News sources are not present to endorse opinions as news, but rather to inform the public and leave the decision up to the people.
The Seattle Times launched a $75,750 ad campaign Wednesday, Oct. 17 promoting Republican gubernatorial candidate Rob McKenna. The Times also announced a similar promotion in support of Referendum 74 for marriage equality.
The Seattle Times Company is literally paying for political advertisements in their paper, said David Boardman, executive editor and senior vice president of The Seattle Times.
This editorial board finds this form of endorsement unacceptable. In the journalism department we are taught ethics and the dangers of bias in reporting. Our job as reporters and editors is to keep you informed but never to preach only one side.
There are correct ways to handle endorsements. Opinions and endorsements should be published in the opinion section as an editorial rather than news.
This editorial board endorses political candidates in the opinion section. The Western Front also does not pay to advertise for a particular camapign.
This editorial board believes that The Seattle Times should no longer act unbiased while covering the gubernatorial campaign.
Further more reporters were not a part of the company’s discussion or decision for the campaign, Boardman said; however, through the company’s endorsement, their credibility has been compromised.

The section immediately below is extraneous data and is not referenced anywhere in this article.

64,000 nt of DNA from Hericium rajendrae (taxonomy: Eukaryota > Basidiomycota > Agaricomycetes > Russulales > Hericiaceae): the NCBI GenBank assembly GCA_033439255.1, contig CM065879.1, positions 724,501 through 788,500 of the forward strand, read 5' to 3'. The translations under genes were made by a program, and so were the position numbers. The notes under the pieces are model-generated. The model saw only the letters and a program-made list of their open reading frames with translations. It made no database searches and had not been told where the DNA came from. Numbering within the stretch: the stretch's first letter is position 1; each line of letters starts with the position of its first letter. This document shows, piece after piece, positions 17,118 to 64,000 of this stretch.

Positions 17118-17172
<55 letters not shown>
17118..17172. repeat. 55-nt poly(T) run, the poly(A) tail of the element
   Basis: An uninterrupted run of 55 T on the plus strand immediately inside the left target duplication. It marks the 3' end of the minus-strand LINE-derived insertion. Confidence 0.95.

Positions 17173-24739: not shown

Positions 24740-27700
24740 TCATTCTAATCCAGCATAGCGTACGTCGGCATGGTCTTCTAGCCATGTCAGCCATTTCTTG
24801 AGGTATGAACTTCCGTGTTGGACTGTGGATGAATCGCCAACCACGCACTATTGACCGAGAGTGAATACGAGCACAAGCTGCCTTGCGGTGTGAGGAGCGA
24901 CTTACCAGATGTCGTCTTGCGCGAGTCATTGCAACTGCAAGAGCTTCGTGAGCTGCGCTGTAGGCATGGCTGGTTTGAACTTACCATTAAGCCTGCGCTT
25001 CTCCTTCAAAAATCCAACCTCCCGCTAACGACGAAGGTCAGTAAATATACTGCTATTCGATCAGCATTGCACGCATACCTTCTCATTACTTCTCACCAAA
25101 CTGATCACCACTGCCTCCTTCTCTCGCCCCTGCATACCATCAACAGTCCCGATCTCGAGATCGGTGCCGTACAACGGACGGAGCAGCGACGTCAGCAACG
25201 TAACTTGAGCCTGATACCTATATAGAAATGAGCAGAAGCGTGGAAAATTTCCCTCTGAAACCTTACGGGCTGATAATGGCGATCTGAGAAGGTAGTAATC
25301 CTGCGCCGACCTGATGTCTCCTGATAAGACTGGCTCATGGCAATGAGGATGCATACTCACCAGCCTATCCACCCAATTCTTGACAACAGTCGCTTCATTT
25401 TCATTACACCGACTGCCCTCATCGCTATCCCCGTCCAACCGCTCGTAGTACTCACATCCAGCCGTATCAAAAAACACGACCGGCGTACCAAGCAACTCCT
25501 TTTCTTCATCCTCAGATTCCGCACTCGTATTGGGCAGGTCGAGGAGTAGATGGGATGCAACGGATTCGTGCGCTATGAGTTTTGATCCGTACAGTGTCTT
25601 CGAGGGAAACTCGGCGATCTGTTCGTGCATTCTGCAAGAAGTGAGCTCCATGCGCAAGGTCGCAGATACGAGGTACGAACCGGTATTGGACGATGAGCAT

After participating in this ad campaign, The Times will no longer be able to remain objective in the eyes of the public. Coverage from their reporters will not appear fair or trustworthy.
Their coverage of the gubernatorial campaign should no longer be allowed.
Readers want to make their own decisions about whom they vote for, said Kevin Riley, editor-in-chief of the Atlanta Journal Constitution. National Public Radio’s On the Media, posted a podcast interviewing Riley about endorsements Friday, Oct. 19.
The Atlanta Journal Constitution is a daily paper that ended editorial endorsements three years ago this month, according to On the Media.
More than 100 Seattle Times staffers, which includes photographers, designers, reporters, columnists, editors and online news producers drafted a letter to The Times publisher Frank Blethen in protest of the ad campaign, said Jim Brunner of The Seattle Times.
Journalists seek the truth and report it, as well as stay independent, which Boardman said is a core value of The Times.
Reporters and staffers of The Times, in their letter, said the decision to publish the ads threatens both The Times’ credibility and independence. This prevents them from being the independent watchdog every news organization is obligated to be.
The Seattle Times publisher needs to reflect better judgment in terms of journalistic integrity. Blethen’s family has owned The Times for almost 117 years, now is not the time to lose the trust of their readers by improperly representing their company and most of their reporters.
The editorial board is comprised of Editor-in-Chief Sarah Aitchison, Managing Editor James Kozanitis and Opinion Editor Joella Ortega